Recognise these words? They are spoken by the pioneering scientist Victor Frankenstein in Mary Shelley’s rich and intriguing novel. This year marks the 200th anniversary of its publication in 1818 and it is being celebrated with a number of academic conferences.

In the era of CRISPR, artificial intelligence, and reproductive technology, it’s a good idea to revisit the novel. Despite its Gothic excesses, Frankenstein; or, The Modern Prometheus, is still an insightful critique of science and scientists. Make this your New Year’s resolution: “I will reread Frankenstein”.

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Back on deck


Hi there! We're back after a long and refreshing break -- in the mood to take suggestions for improving our coverage and improving our quality. If you have any great ideas, please send them along to michael@bioedge.org or xavier.symons@bioedge.org

Cheers!

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Happy Christmas! Happy New Year!


There will be no BioEdge newsletters over Christmas and New Year. However, we'll be working on ways to improve our coverage and presentation. Feel free to correspond and share your insights. 

All the best for the Christmas season to you and your loved ones. 

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Bioethics and ‘inappropriate behaviour’


There has been so much “inappropriate behaviour” in the press over the past two months, ever since movie mogul Harvey Weinstein was exposed as a serial molester of women, that it deserves its own acronym, IB. IB is a euphemism for a range of appalling actions, like sexual harassment, sexual assault, and rape.

And now, thanks to an Arizona Congressman we can add surrogacy to the IB list. Trent Franks resigned this week after revelations that he had pressured women on his staff to act as a surrogate mother. It’s not a pretty story, but it helps to expose the exploitative potential of surrogacy, which is so often depicted as generous and life-affirming.

Heads up: the next issue of BioEdge will be the last until January. Hey! Everyone deserves a holiday, even the staff of BioEdge.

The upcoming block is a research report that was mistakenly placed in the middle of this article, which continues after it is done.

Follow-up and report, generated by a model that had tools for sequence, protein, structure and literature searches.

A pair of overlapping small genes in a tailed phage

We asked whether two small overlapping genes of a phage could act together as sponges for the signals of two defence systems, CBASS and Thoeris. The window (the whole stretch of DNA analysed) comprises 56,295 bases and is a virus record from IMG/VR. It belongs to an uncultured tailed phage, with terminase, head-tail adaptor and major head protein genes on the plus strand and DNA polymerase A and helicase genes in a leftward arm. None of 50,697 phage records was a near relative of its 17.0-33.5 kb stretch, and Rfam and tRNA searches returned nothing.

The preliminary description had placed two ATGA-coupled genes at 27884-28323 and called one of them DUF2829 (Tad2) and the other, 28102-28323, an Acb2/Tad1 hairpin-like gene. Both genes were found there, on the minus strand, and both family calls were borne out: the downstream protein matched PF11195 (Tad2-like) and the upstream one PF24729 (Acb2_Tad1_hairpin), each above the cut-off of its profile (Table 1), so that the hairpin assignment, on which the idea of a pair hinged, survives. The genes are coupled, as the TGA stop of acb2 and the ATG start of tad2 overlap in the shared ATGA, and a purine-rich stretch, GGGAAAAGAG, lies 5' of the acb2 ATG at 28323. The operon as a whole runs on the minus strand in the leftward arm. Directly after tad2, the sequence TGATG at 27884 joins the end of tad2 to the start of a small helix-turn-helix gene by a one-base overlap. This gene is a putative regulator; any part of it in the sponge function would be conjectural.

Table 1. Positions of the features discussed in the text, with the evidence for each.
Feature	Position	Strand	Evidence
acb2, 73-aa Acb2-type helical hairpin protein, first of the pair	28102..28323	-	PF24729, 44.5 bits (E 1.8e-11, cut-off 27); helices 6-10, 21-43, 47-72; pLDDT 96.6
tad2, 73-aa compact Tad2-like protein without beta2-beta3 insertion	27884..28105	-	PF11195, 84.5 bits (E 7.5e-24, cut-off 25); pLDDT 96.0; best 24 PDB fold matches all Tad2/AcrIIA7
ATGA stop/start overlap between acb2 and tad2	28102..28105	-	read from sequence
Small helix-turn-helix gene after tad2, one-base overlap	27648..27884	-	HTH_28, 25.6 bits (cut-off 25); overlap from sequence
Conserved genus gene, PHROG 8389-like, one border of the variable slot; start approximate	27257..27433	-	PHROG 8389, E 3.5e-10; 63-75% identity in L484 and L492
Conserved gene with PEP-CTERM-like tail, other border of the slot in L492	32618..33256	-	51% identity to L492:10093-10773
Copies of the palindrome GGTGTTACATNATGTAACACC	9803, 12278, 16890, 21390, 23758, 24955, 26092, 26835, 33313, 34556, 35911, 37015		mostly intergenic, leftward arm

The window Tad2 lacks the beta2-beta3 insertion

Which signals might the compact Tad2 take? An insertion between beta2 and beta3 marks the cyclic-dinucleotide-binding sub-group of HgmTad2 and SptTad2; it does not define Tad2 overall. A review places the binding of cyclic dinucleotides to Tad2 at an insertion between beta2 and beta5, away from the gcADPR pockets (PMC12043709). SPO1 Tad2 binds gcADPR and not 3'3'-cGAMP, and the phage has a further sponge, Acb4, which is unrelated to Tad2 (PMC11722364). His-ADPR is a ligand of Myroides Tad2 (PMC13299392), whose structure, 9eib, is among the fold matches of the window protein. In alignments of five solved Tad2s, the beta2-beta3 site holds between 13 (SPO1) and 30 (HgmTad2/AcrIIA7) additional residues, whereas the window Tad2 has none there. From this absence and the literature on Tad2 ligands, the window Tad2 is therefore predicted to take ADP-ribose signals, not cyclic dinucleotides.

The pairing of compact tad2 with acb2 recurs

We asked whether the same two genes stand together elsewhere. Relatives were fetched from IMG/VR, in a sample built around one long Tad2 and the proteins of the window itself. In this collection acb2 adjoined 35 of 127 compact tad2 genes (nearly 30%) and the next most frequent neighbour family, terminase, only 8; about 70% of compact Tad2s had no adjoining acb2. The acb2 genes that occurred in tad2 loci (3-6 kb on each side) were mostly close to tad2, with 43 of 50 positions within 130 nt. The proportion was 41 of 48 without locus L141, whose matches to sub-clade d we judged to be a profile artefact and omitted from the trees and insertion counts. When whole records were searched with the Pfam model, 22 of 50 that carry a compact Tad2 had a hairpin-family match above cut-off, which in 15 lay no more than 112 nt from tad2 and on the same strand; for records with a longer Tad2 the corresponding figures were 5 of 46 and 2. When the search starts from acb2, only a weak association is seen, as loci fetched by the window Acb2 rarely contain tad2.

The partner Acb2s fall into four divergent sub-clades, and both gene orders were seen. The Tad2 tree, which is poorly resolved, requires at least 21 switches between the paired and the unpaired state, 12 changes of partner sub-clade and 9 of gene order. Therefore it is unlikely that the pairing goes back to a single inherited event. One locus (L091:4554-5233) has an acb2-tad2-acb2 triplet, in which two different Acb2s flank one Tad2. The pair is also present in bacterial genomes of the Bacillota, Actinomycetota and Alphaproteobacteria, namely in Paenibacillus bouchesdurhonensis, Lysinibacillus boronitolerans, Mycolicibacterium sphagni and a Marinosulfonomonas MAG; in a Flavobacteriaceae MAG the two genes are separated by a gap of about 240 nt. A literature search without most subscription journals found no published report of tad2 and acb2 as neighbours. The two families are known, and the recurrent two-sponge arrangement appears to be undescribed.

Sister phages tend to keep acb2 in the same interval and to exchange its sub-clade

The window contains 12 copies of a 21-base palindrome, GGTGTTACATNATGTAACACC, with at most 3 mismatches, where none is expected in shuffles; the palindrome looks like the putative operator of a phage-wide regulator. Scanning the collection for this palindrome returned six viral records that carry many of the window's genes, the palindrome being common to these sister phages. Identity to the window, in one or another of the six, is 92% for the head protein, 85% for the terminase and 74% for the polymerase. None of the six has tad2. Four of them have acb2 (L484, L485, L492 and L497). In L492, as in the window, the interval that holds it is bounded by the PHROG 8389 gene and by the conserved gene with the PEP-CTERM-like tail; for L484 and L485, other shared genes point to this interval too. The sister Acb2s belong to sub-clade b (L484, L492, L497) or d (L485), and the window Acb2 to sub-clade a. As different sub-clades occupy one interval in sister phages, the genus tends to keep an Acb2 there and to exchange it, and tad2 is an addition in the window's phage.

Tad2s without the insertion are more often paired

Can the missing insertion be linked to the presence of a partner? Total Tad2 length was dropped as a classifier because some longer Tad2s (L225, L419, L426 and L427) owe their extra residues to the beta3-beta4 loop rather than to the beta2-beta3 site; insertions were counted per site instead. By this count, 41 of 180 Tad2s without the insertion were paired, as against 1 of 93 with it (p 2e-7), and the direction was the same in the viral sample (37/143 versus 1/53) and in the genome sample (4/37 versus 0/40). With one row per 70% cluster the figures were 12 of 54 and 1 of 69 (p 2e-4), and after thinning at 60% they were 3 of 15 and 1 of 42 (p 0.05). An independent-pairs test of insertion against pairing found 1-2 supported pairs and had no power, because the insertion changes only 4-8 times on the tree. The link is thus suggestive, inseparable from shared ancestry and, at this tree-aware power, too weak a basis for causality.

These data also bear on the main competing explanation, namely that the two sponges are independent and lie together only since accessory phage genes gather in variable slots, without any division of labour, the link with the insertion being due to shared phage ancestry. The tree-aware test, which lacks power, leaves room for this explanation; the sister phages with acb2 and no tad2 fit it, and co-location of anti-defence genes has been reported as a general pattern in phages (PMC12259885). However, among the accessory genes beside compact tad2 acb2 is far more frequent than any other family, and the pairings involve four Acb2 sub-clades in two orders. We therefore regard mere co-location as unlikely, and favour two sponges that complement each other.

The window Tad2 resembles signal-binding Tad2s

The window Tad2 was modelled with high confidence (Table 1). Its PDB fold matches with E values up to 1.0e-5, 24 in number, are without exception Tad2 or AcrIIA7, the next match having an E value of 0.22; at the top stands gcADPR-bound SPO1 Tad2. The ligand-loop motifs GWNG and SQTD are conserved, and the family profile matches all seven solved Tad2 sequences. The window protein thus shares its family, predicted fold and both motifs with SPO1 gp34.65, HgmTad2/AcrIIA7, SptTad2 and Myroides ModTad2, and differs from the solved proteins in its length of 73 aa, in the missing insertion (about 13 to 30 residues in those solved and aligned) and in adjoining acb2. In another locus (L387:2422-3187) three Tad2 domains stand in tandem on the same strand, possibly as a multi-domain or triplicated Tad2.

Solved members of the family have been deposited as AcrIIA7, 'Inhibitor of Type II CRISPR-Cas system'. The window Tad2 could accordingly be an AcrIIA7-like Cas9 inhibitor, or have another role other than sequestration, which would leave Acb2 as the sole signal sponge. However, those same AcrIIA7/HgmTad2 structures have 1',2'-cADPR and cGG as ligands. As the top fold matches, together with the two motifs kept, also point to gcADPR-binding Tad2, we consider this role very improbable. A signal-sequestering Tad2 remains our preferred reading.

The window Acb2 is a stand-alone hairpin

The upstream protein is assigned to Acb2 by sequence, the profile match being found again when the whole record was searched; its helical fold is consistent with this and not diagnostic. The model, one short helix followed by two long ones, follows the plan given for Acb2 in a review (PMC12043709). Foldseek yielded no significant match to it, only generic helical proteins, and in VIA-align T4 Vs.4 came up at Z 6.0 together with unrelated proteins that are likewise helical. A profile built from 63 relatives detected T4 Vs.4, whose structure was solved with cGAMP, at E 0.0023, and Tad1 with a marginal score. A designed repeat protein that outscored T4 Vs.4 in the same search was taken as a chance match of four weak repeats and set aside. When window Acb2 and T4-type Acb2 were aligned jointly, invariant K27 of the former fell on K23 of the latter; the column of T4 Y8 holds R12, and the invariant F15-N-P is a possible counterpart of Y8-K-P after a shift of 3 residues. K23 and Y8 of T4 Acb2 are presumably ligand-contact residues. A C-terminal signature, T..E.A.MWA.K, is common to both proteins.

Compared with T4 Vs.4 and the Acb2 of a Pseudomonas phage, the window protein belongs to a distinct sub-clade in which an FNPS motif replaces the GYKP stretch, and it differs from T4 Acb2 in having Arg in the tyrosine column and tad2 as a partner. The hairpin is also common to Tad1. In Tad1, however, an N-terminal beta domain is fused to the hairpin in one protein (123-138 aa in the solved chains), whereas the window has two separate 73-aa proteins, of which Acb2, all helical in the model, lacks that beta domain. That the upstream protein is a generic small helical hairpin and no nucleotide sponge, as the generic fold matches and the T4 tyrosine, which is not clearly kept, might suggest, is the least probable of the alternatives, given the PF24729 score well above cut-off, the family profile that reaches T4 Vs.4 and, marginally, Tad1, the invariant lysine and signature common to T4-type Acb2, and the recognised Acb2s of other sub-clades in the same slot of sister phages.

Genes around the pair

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‘Do not resuscitate’ tattoos. Rohingya and population control


Unlike issues such as euthanasia or stem cell research, the bioethics of tattoos is not highly developed. However, it presents its own challenges and complexities. What if a patient shows up in emergency with "do not resuscitate" tatooed across his chest? Is that a valid advance end-of-life directive? There are so many issues here. How do the doctors know if he (let's assume it's a "he") still wants a DNR? Did he get it when he was drunk? Was it voluntary? There are so many fascinating issues -- read our preliminary report below. 

On a completely different note, with Christmas drawing near, I’m making an incredibly self-interested suggestion. Why not put a copy of my recent book, The Great Human Dignity Heist: how bioethicists are trashing the foundations of Western Civilization, in someone’s stocking? It’s available through the Australian publisher, at Amazon and at Book Depository. I can’t think of a better gift! 

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Braggadocio


Good scientists have to be curious, tenacious, creative, intuitive and analytical. And it helps if they are humble, as well. At least that is my impression after reading about the Italian neurosurgeon Sergio Canavero (see below.)

Canavero is the latest figure in a long queue of talented scientists led astray just in the last couple of years by the glamour of celebrity. Dr Canavero would no doubt deny this, but the scientific community is very sceptical of his project to transplant living heads onto living bodies. And although he has not had a single success in this project, he is already dreaming of transplanting brains.

Celebrity and science can make a toxic mix. There is thoracic surgeon Paolo Macchiarini, another Italian, whose work on artificial tracheas was hyped as life-saving, but turned out to be fraudulent.

Dutch social psychologist Diederik Stapel was renowned for his controversial research. He had faked the results of his experiments and even his PhD. Michael LaCour made headlines for his surveys about changing minds about gay marriage. He never carried out the surveys.

Japanese stem cell scientist Haruko Obokata found an incredibly simple method for creating pluripotent stem cells. And in fact, it was incredible.

What makes extremely talented and creative researchers choose the path of a circus performer rather than a dedicated scholar? Everyone has a different story, but perhaps the ancient Anglo-French word vaynglorie (vainglory) expresses it best. Are there classes for post-graduate students in humility? Perhaps there ought to be.